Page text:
MISSING MH370: Debris found at Straits of Malacca [17/03/2014]

MISSING MH370: Debris found at Straits of Malacca

SEPANG: A Greek petrochemical tank was asked to keep an eye out for ‘floating suitcases’ at the Straits of Malacca here yesterday.

Elka Athina, a barge heading to Suez was alerted by Indonesian authorities over radio, warning them that they were ‘approaching a field of debris’.
Several Greek news portals, Tovima and Times of Change were abuzz as sources from the barge alerted them over the apparent sighting.
The portals reported several other barges passing the the busy straits were ‘rushed’ to a coordinate off Sumatran waters.
Another Greek portal published an audio interview with a first officer of the ship, claiming that it was steaming towards a ‘debrs zone’ in the northern waters of the Malacca Strait.
However, checks with online ship tracking websites revealed that the tanker had sailed passed the debris field at about 9.30pm (Malaysia Time).
It is believed that authorities had red flagged a possible area in the straits after users of the map crowdsourcing site Tomnod have indicated a possible debris field in the Straits of Malacca.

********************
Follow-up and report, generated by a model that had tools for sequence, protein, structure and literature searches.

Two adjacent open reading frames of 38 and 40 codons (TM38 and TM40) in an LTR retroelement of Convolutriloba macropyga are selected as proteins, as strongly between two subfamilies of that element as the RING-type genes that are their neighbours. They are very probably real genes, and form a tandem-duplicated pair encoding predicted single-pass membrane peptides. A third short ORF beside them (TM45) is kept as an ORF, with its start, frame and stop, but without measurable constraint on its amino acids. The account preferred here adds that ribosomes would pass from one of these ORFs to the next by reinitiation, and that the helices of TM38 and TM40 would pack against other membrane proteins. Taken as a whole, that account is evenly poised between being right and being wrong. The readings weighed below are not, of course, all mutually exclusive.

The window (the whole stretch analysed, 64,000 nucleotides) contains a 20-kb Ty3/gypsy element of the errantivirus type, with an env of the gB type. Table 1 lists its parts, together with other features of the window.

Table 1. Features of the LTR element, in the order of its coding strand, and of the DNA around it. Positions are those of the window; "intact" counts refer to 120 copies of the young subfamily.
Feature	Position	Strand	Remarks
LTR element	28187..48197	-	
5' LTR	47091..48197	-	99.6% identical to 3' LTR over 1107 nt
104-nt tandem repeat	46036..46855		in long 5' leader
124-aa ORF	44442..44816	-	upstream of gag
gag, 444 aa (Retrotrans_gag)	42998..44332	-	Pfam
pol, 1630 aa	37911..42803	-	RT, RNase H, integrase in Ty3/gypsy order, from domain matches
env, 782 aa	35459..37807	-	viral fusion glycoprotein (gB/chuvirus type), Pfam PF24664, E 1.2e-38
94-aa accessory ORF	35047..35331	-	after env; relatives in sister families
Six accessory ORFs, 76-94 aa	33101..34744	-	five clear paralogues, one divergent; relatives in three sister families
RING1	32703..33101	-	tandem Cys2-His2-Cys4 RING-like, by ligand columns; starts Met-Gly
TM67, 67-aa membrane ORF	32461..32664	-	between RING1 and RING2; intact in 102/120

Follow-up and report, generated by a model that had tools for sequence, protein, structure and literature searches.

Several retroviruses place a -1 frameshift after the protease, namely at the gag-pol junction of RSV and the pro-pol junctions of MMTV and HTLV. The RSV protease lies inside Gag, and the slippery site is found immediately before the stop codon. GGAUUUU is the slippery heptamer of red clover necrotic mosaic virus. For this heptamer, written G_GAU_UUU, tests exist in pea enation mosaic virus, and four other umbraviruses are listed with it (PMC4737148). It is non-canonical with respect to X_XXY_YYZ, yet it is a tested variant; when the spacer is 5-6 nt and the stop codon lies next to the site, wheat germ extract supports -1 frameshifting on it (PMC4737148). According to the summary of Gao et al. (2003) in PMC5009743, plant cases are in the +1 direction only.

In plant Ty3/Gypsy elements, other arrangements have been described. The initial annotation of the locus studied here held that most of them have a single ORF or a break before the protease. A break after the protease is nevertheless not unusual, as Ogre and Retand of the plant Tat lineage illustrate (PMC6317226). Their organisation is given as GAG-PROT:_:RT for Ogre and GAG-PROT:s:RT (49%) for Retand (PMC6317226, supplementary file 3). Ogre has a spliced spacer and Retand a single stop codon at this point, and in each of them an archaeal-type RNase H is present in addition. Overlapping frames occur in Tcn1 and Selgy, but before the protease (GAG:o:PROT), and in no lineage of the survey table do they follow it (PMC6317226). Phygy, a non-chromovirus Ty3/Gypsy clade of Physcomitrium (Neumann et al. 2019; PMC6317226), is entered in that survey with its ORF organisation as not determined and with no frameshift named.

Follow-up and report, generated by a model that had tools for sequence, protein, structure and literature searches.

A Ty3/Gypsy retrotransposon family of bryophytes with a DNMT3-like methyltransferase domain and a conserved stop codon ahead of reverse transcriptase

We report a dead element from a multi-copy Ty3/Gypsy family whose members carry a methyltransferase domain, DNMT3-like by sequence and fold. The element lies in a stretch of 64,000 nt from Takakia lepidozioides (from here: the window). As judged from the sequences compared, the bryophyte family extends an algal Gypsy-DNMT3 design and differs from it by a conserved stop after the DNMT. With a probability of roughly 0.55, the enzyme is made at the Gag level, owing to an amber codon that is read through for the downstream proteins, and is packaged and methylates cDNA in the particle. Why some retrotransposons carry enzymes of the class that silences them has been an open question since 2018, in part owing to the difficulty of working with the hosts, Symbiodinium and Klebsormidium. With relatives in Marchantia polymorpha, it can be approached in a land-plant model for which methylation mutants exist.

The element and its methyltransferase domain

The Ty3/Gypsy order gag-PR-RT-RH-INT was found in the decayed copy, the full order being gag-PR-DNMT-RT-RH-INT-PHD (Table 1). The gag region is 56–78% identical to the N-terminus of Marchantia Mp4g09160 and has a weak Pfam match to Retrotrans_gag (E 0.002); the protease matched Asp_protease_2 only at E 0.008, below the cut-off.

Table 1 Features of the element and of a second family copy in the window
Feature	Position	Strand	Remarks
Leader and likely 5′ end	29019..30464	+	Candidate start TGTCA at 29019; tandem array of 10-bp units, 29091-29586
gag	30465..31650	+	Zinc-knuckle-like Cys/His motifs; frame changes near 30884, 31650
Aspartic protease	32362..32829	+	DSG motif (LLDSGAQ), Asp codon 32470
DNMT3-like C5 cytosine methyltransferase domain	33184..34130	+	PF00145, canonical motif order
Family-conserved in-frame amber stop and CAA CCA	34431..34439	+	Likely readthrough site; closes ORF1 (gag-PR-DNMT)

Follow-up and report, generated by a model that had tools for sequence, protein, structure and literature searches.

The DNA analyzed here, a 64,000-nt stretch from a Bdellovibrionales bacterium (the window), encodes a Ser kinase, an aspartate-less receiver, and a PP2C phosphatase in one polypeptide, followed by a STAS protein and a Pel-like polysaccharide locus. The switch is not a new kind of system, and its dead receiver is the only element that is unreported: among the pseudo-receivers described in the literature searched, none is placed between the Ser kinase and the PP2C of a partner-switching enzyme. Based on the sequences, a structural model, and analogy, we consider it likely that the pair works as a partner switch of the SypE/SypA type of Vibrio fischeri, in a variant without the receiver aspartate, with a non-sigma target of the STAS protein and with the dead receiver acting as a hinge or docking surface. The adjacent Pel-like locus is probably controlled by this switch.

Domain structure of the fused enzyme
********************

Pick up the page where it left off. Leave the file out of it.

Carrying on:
A twitter user, Richard Barrow, posted a satellite image of ‘a potential crash site’ and ‘possible floating seats’ on the surface of the ocean at coordinate 5°39'08.0"N 98°50'38.0"E.
The search for Malaysia Airlines flight MH370 has come to a gruelling 10th day, with over 20 countries involved in the search of the missing aircraft which had deviated from its flight path last Saturday.
It was carrying 239 people, and was heading to Beijing from Kuala Lumpur.
It went off the radar screens at about 1.21am near the Vietnam waters in the South China Sea and was later detected on the military radar an hour later 200 natuical miles northwest of Penang Island, on the west side of the Malay Peninsula.
The search is now focused on two possible corridors, stretching from the border of Kazakhstan and Turkmenistan to northern Thailand; or Southern coordinator, stretching form Indonesia to the southern Indian Ocean, after satellites received pings from the aircraft, nearly six hours after it was reported to have disappeared.

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